Thursday, 19 October, 2017

South Africa-Zimbabwe four-day Test to go ahead as scheduled

Ireland and Pakistan in a one-day international in Malahide in 2016 Ireland and Pakistan in a one-day international in Malahide in 2016
Kristopher Love | 13 October, 2017, 08:43

The ICC has given the green light to a Test championship and ODI league as well as allowing countries to experiment with four-day Tests.

Nine of the 12 test-approved countries - Zimbabwe, Afghanistan and Ireland will initially be excluded - will play three home and three away series over the two years that count towards the championship.

It will culminate with a final in 2021, with previous reports hinting that match could take place at Lord's, while the one-day worldwide league will get underway in 2021 and determine qualification for the 2023 World Cup.

South Africa will play Zimbabwe in cricket's first four-day test on December 26 and Richardson said that while the concept was still in the trial phase it should help Afghanistan and Ireland, who were granted test status in June, get up to speed faster. Firm moves to establish the championships have taken place over the last two years but have been slow to win the approval of all ICC members.

"Bringing context to bilateral cricket is not a new challenge but this is the first time a genuine solution has been agreed on", ICC chairman Shashank Manohar said.

"Throughout the discussions about the future of test cricket it became clear that whilst context is crucial we must also consider alternatives and trial initiatives that may support the future viability of test cricket", Richardson said.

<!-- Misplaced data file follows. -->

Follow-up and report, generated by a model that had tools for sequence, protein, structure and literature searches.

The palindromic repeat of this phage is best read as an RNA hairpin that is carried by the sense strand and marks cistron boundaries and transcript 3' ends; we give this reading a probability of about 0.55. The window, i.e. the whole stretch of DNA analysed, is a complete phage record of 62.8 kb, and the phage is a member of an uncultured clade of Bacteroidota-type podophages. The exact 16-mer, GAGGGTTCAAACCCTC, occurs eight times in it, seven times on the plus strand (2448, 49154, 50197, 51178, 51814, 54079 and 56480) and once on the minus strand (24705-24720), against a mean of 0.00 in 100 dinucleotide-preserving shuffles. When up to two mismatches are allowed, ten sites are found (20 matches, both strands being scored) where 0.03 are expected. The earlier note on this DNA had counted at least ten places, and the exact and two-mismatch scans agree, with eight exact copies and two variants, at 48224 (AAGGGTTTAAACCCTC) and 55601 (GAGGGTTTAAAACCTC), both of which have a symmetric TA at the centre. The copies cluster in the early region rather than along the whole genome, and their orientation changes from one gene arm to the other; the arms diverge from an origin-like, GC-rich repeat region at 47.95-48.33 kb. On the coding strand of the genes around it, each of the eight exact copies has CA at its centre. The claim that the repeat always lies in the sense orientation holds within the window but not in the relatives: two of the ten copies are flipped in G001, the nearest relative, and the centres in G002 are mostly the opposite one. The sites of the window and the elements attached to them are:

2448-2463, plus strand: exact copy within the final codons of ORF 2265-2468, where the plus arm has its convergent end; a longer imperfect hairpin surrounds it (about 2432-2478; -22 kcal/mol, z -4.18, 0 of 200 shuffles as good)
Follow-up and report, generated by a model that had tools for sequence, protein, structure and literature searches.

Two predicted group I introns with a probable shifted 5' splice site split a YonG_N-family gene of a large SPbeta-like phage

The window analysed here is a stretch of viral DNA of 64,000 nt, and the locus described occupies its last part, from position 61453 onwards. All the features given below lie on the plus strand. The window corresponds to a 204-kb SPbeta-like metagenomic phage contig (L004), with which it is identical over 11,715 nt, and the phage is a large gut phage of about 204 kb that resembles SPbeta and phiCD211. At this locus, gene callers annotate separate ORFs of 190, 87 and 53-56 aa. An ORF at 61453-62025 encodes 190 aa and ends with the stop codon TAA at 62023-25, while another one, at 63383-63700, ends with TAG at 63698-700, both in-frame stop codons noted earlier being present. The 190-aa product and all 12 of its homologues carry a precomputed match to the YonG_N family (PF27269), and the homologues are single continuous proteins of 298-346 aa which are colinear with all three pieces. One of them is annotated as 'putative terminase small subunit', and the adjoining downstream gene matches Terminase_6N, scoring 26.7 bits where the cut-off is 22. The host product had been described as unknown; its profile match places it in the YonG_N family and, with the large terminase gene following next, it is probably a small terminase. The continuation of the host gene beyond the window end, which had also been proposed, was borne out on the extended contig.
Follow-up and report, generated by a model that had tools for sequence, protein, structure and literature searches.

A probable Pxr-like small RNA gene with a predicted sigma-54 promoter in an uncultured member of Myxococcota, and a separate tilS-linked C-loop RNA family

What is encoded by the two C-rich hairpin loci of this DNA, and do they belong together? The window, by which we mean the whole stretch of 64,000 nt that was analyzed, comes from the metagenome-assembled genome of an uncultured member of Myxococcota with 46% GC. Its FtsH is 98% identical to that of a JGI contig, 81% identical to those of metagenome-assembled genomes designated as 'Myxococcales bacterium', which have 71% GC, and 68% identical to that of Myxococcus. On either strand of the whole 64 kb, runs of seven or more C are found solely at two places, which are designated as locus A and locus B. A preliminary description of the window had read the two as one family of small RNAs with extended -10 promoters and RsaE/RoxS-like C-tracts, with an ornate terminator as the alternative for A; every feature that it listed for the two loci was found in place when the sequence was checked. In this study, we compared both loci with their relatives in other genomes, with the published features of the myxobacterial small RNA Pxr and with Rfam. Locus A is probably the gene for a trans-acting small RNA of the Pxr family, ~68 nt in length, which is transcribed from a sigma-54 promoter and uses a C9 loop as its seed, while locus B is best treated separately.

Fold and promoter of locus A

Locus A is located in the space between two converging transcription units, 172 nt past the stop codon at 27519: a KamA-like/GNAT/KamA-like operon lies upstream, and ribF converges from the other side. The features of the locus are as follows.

ICC Chief Executive David Richardson said, "This is a significant point in time for ICC Members and our collective desire to secure a vibrant future for global bilateral cricket".

"Test cricket is the pinnacle of our sport and I know how much this game will mean to not only the players but all involved with Irish cricket".

"This is a significant point in time for ICC members and our collective desire to secure a vibrant future for worldwide bilateral cricket".

At the end of the cycle the top two teams will meet in a World Test League Championship final.

It will provide context and meaning around every test and ODI series as the longest format struggles for relevance, crowds and broadcasting revenue.

"Test matches have witnessed a decline in attendances in recent years, throwing the door open to a number of means to engage fans, including the introduction of day-night Tests". A set of playing conditions for four-day Tests is set to be drawn up by ICC management in coming weeks.